The present study findings supporting a protective role of 25(OH)D serum level of >20 ng/mL against inflammation can be explained through immunomodulating effects of vitamin D referring to mechanistic study.7Vitamin D may act as an immune modulator and interfere with systemic inflammation through the expression of nuclear vitamin D receptors in most cells of the immune system, including activated CD4 and CD8 T lymphocytes, as well as macrophages.8 For example, some experimental studies have suggested that vitamin D can exert regulatory effects on the cytokine production of human peripheral blood lymphocytes8,9 and can also down-regulate the activation of nuclear factor-kB, an important regulator of genes encoding for several inflammatory cytokines.10

This study finding is in line with those studies previously highlighting an inverse association between vitamin D and inflammatory markers in populations other than HIV-positive persons. For example, in a European cohort of obese subjects, 25(OH)D serum concentrations were inversely related to significant levels of high CRP, regardless of the total quantity of fat mass.11 In another study among patients with early inflammatory polyarthritis, each 10 ng/mL increase in 25[OH]D serum level was associated with a 25% decrease in serum CRP.12 In addition, a clinical trial has suggested that vitamin D supplementation markedly reduces serum levels of CRP and several other inflammation markers in patients with congestive heart failure.13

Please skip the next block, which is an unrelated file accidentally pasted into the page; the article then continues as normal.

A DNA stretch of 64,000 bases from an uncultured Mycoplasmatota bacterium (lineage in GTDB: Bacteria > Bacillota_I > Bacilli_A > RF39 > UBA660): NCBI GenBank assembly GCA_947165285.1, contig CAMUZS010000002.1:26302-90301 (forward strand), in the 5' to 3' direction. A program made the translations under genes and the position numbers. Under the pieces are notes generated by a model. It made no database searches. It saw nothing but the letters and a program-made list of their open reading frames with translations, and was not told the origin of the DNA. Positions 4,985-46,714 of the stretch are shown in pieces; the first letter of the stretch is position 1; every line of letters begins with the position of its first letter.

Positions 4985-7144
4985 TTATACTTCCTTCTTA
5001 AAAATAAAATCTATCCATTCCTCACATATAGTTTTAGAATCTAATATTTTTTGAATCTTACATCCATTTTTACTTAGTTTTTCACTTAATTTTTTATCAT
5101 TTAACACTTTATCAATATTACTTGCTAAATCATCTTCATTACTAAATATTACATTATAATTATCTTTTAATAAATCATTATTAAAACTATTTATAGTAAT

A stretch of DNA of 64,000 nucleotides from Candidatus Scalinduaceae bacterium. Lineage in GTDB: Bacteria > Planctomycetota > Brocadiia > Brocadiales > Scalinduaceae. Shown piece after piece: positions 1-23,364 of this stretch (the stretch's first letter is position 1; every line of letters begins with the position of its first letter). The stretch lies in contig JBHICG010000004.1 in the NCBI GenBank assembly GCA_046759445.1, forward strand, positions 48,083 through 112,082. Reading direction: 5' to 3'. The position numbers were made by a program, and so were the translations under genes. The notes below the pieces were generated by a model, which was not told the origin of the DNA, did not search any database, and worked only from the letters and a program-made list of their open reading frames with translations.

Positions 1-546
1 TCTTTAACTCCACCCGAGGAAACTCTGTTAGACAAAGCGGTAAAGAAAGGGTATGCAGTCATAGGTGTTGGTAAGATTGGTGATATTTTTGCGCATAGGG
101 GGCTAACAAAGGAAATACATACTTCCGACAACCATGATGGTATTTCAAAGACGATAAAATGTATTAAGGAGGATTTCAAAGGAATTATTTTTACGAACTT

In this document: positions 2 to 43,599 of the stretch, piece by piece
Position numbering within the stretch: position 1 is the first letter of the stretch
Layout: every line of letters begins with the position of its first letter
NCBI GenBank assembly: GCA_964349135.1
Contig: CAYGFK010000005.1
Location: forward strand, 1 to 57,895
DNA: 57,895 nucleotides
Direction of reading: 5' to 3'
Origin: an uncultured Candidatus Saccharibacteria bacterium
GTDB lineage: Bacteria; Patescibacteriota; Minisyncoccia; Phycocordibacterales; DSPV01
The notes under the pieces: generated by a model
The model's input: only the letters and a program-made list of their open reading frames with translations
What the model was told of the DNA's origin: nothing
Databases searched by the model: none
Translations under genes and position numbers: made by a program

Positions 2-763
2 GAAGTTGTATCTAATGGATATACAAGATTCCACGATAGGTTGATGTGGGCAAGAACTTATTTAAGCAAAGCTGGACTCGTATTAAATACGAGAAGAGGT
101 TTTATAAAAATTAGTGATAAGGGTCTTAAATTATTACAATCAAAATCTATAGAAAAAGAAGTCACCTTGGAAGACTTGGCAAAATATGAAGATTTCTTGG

Thus, this study result is a critical first step that provides the foundation for a further supplementation and intervention program to improve the survival of persons infected with HIV in Nepal and other resource limited countries. Results from this study may lead to clinical trials of vitamin D supplementation as a simple low-cost intervention to improve the health, lifespan, and the quality of life for HIV-positive persons in the resource-poor settings.

 

References

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Acknowledgements:

This study is supported by the Grant-in-Aid for Young Scientists (B) (22790581), Japan Society for the Promotion of Science, The Ministry of Education, Culture, Sports, Science and Technology, Japan and by the Grant for Research on Global Health and Medicine (No. 21A-2) from the Ministry of Health, Labour, and Welfare, Japan. This study was based on the baseline data of the Healthy Living Intervention Study (HLIS) – a prospective study of HIV-positive persons overseen by Dr. Krishna C Poudel, Associate Professor, Department of Public Health, School of Public Health and Health Sciences, University of Massachusetts, Amherst (Krishna@schoolph.umass.edu).

 

Contact:

Kalpana Poudel-Tandukar, PhD, MPH, MPHC

Assistant Professor

Waseda Institute for Advanced Study (WIAS), Waseda University

1-6-1 Nishi-waseda, Shinjuku-ku, Tokyo 169-8050, Japan.

Email: kalpana@aoni.waseda.jp; kkpoudel@hotmail.com